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Apple Pay is Turning into a Massive Win

Apple Pay

Written by Ophir Gottlieb and Jason Hitchings

Not too long ago headlines called for the end of Apple (NASDAQ:AAPL). The stock crossed below $90, was on the verge of breaking critical technical support levels and the headlines would have had you believe it was headed much lower.

Facebook (FB), Amazon (AMZN) and Google (GOOG) were all touted as "the Next Apple." But it's the "current Apple" that has the goodies.

While we could focus on the stunning news that Apple broke surrounding iPhone demand, we want to focus on a lesser known segment that in the future could in and of itself be a business line as large as the any bank in the world.

News broke from Tech Crunch that while Apple Pay is available in six countries right now, Apple has its eyes set on the rest of the world. Jennifer Bailey, VP of Apple Pay, told Tech Crunch:

We're working rapidly in Asia and also in Europe, our goal is to have Apple Pay in every significant market Apple is in.

Source: Tech Crunch

Bailey went on to say that Apple Pay is "seeing incredible user and developer reception." Apple Pay now covers 2,500 bank locations in the U.S., up from an initial six. But that isn't the story -- this is:

In an aggressive and shrewd move, we have learned from Re/code that Apple will be bringing its Apple Pay to mobile e-commerce sites, and then an even larger disruption. First step one, then step two:

Apple's payment service [will allow] shoppers to complete a purchase on mobile apps with their fingerprint rather than by entering credit card details.

The move would pit Apple more directly against PayPal.

Source: Re/code

What does disruption mean? In both use cases, Apple has "killed the password." At first blush it may not sound sexy, but friends, upon further review, we will see that this is $300 billion worth of sexy.

Just a month ago, Apple revealed to the world that it had an active install base of over 1 billion devices. That's 'b' for billion.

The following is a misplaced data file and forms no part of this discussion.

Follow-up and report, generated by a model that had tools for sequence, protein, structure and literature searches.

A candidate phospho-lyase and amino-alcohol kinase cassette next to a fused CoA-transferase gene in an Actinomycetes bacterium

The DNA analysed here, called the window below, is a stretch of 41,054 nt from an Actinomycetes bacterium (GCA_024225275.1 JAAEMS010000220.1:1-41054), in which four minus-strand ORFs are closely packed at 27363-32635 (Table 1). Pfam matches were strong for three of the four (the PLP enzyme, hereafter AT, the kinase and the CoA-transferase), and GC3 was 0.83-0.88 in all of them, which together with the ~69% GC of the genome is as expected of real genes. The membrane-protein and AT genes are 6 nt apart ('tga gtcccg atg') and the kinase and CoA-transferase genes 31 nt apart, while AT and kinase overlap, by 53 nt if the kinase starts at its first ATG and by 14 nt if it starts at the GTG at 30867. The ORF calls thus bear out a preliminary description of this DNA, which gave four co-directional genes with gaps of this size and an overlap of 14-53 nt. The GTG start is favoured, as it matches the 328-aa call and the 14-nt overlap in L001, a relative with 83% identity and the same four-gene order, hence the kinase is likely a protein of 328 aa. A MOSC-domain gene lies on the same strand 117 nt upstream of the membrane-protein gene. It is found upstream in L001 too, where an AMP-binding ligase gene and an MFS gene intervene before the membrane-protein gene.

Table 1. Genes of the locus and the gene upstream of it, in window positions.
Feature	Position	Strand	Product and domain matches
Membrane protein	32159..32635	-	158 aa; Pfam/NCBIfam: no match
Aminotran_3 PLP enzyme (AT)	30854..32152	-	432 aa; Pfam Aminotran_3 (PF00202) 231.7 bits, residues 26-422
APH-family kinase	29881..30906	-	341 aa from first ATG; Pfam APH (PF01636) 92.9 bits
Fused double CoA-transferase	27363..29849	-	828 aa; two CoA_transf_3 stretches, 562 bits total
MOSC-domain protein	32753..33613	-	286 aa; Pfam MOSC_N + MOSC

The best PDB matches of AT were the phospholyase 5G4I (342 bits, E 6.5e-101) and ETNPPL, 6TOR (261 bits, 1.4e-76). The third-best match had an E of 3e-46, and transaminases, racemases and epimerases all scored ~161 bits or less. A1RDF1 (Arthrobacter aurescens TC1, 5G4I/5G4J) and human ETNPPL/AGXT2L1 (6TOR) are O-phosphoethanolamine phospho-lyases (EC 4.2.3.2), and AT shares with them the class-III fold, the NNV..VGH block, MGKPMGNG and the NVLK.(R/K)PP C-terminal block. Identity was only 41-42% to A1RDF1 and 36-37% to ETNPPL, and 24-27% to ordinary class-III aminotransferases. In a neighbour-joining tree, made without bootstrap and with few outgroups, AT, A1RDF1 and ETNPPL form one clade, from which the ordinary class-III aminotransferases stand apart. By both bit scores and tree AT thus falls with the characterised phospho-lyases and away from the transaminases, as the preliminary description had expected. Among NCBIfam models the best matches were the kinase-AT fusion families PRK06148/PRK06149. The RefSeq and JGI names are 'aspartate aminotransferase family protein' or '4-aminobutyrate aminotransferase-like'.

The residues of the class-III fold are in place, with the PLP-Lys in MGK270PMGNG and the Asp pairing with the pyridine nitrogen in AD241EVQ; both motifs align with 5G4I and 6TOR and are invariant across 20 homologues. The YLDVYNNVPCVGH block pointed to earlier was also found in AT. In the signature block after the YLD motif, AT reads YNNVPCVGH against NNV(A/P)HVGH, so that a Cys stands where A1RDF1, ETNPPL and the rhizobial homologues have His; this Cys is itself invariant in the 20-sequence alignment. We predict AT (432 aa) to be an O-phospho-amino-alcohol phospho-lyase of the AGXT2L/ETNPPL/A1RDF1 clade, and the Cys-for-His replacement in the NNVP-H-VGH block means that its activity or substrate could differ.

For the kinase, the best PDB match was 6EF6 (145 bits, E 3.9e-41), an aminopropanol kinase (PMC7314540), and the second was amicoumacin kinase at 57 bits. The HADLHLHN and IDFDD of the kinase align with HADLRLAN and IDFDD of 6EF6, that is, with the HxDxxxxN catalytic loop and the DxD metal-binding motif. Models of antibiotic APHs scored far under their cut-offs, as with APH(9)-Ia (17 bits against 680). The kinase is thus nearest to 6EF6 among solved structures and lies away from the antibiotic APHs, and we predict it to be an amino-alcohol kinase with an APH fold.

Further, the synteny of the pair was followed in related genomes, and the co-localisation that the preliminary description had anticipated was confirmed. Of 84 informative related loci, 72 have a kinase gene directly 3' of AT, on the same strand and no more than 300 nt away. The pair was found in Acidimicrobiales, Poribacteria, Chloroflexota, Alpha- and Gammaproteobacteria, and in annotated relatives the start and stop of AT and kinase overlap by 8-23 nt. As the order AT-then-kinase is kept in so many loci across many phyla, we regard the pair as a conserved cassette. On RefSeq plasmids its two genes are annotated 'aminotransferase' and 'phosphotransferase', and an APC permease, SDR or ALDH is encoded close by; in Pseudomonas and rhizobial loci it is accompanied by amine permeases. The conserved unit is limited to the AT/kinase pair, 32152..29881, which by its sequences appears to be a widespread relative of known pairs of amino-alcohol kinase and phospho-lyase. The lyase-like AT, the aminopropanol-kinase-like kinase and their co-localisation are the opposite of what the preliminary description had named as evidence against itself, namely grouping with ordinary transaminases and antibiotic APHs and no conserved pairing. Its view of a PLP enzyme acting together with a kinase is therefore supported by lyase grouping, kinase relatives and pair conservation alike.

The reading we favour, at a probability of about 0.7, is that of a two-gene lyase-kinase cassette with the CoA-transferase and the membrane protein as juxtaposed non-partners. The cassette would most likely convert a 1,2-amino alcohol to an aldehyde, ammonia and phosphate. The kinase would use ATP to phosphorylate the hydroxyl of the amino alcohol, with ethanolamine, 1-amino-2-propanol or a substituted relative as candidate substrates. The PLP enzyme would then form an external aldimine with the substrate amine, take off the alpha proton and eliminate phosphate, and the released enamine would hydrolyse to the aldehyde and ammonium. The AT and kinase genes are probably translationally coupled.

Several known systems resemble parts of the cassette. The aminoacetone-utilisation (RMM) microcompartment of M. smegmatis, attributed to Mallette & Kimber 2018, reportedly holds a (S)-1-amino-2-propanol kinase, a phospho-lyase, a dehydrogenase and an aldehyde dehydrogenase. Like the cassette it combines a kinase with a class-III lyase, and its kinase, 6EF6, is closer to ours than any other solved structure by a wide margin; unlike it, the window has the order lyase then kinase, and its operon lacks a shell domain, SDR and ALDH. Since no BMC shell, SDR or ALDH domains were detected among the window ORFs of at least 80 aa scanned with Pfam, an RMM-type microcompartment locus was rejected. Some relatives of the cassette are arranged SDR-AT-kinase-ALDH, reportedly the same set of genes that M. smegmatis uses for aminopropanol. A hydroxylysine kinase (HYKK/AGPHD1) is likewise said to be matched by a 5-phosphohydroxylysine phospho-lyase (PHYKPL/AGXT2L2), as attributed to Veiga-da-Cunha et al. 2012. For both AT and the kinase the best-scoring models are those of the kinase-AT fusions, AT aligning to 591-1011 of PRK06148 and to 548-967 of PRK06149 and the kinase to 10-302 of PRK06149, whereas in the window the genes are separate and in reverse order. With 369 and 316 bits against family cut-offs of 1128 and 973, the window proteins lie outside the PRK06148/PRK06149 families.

The sheer size of the just 'mobile pay' market will be absolutely explosive. Transaction volumes are projected to hit $700 billion in yearly sales by just 2020, according to a study by Statista:

But that's the infancy. Here is Bank of America's take:

By the year 2022, the mobile payments growth will reach a combined total of around $3 trillion. That measures fully 200 fold in just seven years.

But now Apple is also turning to the desktop with Apple Pay, and that means we now are looking at Visa (V), MasterCard (MA) and PayPal. More than half of online retail purchases still happen on desktop and laptop computers (Re/code).

Here's the mobile pay market share data we have for 2014 and 2015 just looking at phones:

All told, Apple's iPad and iPhone control a staggering 65% of market share.

Add the payment capability to mobile e-commerce as well as the desktop and laptop e-commerce world and we're looking at a business line that in and of itself could be worth more than $300 billion in market cap.

Facebook, Alphabet's Google and Amazon are all chasing the mobile pay trend. But Facebook saw mobile payments actually decline in the quarter ending Decmeber 2015, and remember, Facebook has no hardware -- that's no watches, no phones, no desktops and no laptops.

Google recently created Android Pay:

Forget your wallet[.] With Android Pay you can simply unlock your phone, place it near a contactless terminal, and you're good to go. Tap and pay is that fast, that easy.

While Google certainly has Android out there for phones and tablets, we can hardly call its Chromecast a hardware to be reckoned with. This move by Apple is combative and attacks Google and its mobile pay hopes at its infancy.

Amazon's Wallet was a failure and nobody thought much of it. But Amazon is back -- behind or not, with over $70 billion in retail sales, the company will likely stop at nothing to win. But even the mighty Amazon has recognized the power of Apple's one billion device install base.

We saw the mobile pay markets -- measured in trillions of dollars soon. But let's look at Visa, MasterCard and Paypal. The three companies have combined market caps of about $330 billion, or more than half of Apple.

Apple Pay is already exploding. Here are few recent snippets from Apple. The first is from CEO Tim Cook on the earnings call for calendar Q4 of 2015:

In the second half of 2015, we saw [] a growth rate ten times higher than in the first half of the year.

Source: Re/code

Yes, he said ten times higher growth in six-months.

Further, in January we learned that Apple Pay is coming to ATMs from Bank Of America and Wells Fargo (Tech Crunch).

And then there's China. Check this out:

Apple Pay hit three million provisions inside its first three days in China, while, more generally, it is adding one million new users per week worldwide.

Source: Tech Crunch

Together the enormity of Apple Pay through mobile with the functionality of "touch your monitor and now you've paid" promise of Apple Pay on desktops and laptops, we could be looking at a business line that, as of Apple's price today, could be worth an additional 30% of Apple's value.

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The author is long Apple shares. Thanks for reading, friends.

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